“It turned out to be a terrifically productive summer for me, during which I produced strong, consistent art. The residency also gave me my first credentials and a record of success in this type of program.” ~ Gregory Frux

Our time in Death Valley developed a pattern — traveling outward, painting and drawing in the wilderness, then returning to the vicinity of the visitor’s center to work with the public. Here, the NPS interpretive staff were true collaborators, helping advise us on destinations and imparting an education that deepened our experience. As a result, we were inspired to work more closely with NPS. We gave talks about our work, taking visitors on virtual tour via our paintings. We also led watercolor classes in nearby Golden Canyon, taught art to local students and donated work to the Park’s museum.

Although the residency at DVNP is no longer active, the results of this fertile collaboration continue to grow to this day. They include more than 100 works of art created by me and Janet, several lecture engagements, a set of art cards and a book project.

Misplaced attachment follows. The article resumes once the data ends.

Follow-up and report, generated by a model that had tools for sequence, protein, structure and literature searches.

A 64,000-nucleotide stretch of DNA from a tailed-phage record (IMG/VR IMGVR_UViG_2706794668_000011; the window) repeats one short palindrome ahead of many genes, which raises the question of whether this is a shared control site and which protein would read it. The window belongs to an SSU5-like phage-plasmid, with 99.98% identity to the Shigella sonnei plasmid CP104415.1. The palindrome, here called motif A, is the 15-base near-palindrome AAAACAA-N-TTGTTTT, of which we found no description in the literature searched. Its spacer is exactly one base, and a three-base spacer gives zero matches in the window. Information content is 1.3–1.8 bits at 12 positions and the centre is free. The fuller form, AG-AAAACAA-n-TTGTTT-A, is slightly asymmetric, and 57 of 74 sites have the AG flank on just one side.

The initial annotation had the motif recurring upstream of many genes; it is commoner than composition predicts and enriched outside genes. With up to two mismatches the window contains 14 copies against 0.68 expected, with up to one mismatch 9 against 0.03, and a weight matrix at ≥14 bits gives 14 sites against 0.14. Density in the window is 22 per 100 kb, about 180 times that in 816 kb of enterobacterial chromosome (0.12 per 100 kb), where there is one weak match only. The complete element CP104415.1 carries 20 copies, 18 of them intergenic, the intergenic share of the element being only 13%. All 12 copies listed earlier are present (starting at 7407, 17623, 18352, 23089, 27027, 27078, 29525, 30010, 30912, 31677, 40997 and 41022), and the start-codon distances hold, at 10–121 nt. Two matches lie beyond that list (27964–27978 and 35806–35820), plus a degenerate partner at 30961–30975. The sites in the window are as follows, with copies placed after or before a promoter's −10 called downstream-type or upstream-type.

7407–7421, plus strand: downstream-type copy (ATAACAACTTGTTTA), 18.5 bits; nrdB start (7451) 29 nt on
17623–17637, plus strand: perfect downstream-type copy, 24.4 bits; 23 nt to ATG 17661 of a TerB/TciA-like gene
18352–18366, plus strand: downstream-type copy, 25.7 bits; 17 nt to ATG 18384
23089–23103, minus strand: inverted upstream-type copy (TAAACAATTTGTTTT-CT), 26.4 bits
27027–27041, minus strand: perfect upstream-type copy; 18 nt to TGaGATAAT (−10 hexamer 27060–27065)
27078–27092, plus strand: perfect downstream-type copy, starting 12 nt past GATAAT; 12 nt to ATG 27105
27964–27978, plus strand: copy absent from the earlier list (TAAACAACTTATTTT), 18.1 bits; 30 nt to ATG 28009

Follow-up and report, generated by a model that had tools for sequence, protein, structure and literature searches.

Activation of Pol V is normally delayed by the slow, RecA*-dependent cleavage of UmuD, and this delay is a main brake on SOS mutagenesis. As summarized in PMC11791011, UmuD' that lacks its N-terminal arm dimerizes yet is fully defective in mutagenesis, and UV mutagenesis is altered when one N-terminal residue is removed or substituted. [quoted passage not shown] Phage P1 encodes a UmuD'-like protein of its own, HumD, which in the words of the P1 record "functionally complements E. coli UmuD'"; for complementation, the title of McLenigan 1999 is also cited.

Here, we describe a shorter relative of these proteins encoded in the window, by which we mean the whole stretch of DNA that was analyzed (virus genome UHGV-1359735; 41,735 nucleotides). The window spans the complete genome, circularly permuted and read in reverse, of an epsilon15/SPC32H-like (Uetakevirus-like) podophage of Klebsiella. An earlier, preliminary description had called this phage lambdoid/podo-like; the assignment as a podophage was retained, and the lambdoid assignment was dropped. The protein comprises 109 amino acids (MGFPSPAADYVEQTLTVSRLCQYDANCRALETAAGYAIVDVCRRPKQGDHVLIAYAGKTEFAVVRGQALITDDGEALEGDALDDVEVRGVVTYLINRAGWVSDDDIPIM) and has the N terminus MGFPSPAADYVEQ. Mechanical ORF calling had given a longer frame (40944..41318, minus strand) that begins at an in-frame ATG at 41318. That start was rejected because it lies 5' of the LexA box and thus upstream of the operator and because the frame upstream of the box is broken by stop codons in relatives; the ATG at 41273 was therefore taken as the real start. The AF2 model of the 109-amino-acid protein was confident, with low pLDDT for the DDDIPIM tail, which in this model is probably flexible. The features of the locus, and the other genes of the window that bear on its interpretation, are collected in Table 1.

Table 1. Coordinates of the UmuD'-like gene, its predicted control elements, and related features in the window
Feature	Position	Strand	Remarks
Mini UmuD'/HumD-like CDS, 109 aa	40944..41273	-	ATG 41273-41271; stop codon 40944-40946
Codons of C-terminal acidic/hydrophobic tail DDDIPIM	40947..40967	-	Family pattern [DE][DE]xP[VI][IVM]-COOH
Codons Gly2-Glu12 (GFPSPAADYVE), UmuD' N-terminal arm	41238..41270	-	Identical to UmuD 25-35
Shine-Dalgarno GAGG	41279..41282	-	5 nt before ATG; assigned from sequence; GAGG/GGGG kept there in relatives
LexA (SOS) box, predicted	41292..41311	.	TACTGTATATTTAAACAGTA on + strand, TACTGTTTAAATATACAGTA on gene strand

Make Residencies Part of Your Career 

Artist residencies have become an important part of my creative output. I attribute my success with them to careful selection and paying attention to locations, both for access and visual interest. Requirements by sponsors have been fair and easy to fulfill. In fact, my hosts have generally inspired me to contribute more than initially asked, and that contribution has become part of my creative output. I’ve continued to keep a critical view of what I want and hope to accomplish in each experience. Every time I consider a program, I decide if I can commit to delivering what the program needs. I encourage you to explore residency opportunities and discover how they can create a synergy that will move your career forward.

To celebrate Professional Artist’s 30th anniversary, we are gifting our readers with 30 complimentary articles from our archive. This is a complimentary copy of an article from the April 2011 issue. Click here to subscribe to Professional Artist, the foremost business magazine for visual artists, for as low as $32 a year.

Gregory W. Frux and his wife, artist Janet Morgan, live in Brooklyn, New York, when they are not working in remote locations such as Morocco, Patagonia, Antarctica and Death Valley. Visit Gregory’s website at frux.net and artandadventures.com.

Comments are closed here.